• Expanding this by clicking the [ i ] will show more detailed information. This includes Soil Fertility, Matter deposits, Groundwater, Sunshine, Windiness, Fish, and Uranium deposits.

8: Finance Information

  • Your current funds are indicated at the left.
  • Loans to this city are shown in the center indicating the remaining loan to be repaid.
  • Unemployment benefits is a vital negative which indicates that you have population not working and must pay them from your funds every time the stopwatch performs a full cycle.

General Information

So the UI seems simple at first, but it’s a lot to decompress. Below is just a list of items to think about while getting started, and some lessons learned from a few early games that brought me to a screeching halt.

Follow the mission / tutorial! It will get your first colony up and running smartly.

There are 5 plot types: small; medium; large; extra-large; special. Small and large are both squares, while medium and extra-large are rectangles. The special blocks are always on the medium sized spaces, are colored either blue or orange, and denote something special can be built there. Each plot type allows for different buildings that are only available for that plot size, so build carefully.

Scout around the map and look at the information on each cliff. You’ll notice that no information is available immediately on soil quality, matter deposits, or uranium deposits. For these, you’ll just have to risk it. What is important is that you have a fairly high ground water, and at least Sunshine or Windiness in high quantities. What this reflects is the ability to produce off this cliff – if you start in a location with low Sunshine and Windiness, you’ll spend a lot of resources and space building the relevant power systems to keep it powered. In a similar vein, this helps you with knowing what to build. For instance, having a cliff with 80% windiness and 20% sunshine, means you should not build solar panels, and only build wind turbines. The results will be more fruitful.

For spaces with special structure placements, avoid placing generic buildings there. For instance, on the blue medium spaces that are on the side of a cliff near another cliff, you can build a bridge to the other side. Placing something here means that you’ll eventually have to tear it down if you want to connect the two with a bridge. Blue medium spaces on the edges not facing another cliff are ideal spots for landing platforms, and the orange medium spaces near lakes are the only spots where you can put fishing ports.

Keeping production moving forward is important – growth of the population, available jobs, and resources is key. Without this growth, your finances will stagnate, and you’ll be left in a situation where you deplete on resources that you can’t rebuild.

An example of this is to make sure you build a matter mine right away once you get your first batch of people. If you expend your initial collection of matter, you’ll not have sufficient resources to build the matter mine, and eventually zero out on matter which means game over.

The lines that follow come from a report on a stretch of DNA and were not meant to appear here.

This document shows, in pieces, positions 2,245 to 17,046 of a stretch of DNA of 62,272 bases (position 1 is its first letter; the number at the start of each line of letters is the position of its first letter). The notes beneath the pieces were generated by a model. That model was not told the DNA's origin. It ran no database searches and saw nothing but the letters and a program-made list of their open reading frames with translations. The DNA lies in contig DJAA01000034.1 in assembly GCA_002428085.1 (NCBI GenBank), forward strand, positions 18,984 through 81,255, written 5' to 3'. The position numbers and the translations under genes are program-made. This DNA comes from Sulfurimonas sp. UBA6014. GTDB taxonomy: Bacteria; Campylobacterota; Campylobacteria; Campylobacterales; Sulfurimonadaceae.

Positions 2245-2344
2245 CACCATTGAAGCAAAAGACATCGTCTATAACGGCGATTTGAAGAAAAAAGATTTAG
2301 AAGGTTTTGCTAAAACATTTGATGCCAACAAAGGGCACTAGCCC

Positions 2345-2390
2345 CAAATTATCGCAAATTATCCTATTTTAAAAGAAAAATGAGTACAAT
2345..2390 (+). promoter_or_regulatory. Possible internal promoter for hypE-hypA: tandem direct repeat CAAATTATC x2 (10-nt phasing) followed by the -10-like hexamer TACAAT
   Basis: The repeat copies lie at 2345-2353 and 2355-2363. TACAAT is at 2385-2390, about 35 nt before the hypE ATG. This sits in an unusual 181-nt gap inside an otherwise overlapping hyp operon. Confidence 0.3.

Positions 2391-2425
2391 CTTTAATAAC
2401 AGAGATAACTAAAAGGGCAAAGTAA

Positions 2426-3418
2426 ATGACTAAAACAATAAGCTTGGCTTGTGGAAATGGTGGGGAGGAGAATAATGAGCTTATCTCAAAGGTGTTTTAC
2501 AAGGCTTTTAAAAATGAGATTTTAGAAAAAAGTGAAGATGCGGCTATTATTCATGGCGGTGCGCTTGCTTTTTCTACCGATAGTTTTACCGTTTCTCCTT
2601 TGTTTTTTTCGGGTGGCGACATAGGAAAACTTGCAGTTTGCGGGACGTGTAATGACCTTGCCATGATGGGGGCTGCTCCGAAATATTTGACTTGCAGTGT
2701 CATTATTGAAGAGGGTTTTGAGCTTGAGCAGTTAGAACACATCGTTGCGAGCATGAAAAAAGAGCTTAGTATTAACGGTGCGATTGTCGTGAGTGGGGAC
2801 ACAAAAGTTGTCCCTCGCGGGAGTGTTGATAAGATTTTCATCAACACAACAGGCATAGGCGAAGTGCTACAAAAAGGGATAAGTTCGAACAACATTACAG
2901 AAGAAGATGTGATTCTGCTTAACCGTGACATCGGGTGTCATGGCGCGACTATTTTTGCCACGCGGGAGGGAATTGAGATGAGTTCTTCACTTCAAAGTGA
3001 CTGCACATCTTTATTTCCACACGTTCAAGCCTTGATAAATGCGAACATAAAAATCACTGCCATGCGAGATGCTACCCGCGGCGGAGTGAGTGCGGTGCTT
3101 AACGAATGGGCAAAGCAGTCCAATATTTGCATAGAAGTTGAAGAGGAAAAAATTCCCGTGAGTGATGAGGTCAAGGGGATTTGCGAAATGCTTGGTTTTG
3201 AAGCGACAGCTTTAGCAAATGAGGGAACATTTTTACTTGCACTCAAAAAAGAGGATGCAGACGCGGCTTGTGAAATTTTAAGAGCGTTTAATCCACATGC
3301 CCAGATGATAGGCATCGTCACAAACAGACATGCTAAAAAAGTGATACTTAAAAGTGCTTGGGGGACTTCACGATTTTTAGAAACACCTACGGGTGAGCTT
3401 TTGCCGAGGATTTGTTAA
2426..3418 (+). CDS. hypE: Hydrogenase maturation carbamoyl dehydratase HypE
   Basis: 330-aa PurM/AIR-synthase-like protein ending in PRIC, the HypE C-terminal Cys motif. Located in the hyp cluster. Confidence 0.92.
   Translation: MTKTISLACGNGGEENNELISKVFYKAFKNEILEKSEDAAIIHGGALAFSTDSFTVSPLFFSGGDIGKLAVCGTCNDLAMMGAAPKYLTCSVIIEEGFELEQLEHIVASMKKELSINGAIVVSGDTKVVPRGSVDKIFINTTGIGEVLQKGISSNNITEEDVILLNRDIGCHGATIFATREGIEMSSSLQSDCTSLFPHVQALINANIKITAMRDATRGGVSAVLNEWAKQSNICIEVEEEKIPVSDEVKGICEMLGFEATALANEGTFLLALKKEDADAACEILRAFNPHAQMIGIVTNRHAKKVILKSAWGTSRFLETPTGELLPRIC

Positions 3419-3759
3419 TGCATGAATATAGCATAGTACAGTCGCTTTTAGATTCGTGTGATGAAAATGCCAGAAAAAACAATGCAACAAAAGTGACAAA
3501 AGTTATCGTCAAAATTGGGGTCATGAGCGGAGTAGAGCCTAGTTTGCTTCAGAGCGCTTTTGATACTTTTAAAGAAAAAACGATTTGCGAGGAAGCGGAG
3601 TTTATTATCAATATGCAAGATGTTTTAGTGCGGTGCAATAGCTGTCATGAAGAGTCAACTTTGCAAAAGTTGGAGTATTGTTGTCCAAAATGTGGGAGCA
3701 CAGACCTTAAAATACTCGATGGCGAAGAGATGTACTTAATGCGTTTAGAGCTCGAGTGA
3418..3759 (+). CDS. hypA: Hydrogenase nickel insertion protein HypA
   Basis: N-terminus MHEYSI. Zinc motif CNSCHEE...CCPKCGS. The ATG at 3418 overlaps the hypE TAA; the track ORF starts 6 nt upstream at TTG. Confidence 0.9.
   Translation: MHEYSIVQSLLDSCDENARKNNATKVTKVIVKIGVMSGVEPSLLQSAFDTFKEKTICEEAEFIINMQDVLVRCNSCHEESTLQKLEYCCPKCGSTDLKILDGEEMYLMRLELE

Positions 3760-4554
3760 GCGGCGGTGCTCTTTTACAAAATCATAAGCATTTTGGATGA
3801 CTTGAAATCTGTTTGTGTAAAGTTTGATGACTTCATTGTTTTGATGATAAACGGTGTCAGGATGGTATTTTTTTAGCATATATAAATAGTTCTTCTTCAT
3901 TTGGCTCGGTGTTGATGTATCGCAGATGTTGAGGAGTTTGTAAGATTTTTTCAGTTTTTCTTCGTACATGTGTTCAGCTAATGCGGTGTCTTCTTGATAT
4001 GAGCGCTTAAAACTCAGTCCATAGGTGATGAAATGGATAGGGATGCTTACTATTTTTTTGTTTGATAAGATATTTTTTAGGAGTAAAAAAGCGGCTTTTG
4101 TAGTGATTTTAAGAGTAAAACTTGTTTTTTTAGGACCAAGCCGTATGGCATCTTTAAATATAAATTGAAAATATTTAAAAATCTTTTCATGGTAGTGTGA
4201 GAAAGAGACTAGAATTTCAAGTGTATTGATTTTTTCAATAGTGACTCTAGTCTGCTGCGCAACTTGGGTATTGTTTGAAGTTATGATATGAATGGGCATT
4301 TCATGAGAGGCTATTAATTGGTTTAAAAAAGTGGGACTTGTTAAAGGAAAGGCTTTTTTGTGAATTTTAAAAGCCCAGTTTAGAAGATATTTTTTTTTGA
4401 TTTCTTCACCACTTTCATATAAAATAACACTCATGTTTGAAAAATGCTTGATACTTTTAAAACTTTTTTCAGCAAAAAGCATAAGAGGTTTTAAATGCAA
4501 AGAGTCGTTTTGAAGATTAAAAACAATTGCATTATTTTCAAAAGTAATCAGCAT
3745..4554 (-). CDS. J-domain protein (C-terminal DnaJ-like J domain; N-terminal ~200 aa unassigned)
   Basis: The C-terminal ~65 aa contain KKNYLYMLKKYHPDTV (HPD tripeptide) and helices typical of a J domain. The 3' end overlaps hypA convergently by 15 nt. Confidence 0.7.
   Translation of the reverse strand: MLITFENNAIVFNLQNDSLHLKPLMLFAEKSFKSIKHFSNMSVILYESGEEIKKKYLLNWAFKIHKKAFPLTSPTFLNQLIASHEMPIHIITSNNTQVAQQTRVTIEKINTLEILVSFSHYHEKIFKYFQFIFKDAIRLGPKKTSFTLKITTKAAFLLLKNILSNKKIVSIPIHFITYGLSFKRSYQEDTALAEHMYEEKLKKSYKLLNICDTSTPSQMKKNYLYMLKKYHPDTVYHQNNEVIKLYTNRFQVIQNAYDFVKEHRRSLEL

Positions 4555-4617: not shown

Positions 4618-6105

While you might see the high amount of worker buildings that produce “things” don’t neglect office buildings. Having a strong financial bedrock will make everything easier to build upon, and having funds is essential to expanding.

Going back to the topic of essential buildings to get placed as soon as possible… This list isn’t too long, but missing any will mean at least painful growth if not outright failure. Below is a list of buildings and why:

  • Matter Mine [Large plot]: As mentioned above, you’ll run out of matter fairly quickly, and if you don’t have your early settlers working on getting more, you’ll reach an end game situation soon. 
  • Recycling Plant [Medium plot]: The recycling plant will be very helpful while learning, and later on as you grow and refactor. Essentially, when you destroy a built building, some ruins will be left behind. Unless you have a recycling plant, this area cannot be cleared and will be unusable until taken care of. In addition, when scraping a building, the recycling center will be able to glean some matter from the wreckage making it a win-win. Once you’ve grown in confidence about what to place and where, you can put off building this for a while, but it is still essential at some point.
  • Airport [Extra-large plot]: One of my most critical early mistakes was not building an airport. Although it is a bit of a resource hog and takes up a large plot, it is the only way to manufacture additional drones. You’ll notice that when placing your first storage facility, it comes with 3 free drones. This only happens the first time! If you start expanding, and don’t produce some additional drones, you’ll find yourself slowed to a crawl where picking up/dropping off of matter, food, building construction and more is dependent on only the three of them and will often put you in a bind. An example of this is having to stop all construction so that you can focus on having them move food to storage so your population doesn’t starve and being stuck in a loop of moving food while being unable to free them up to build an airport.
  • Battery Station [Small plot]: If you are running a solar powered city, this is of the utmost importance. Having enough battery stations to maintain production of batteries to get you through the nights will be critical in not grinding to a halt every day come sundown.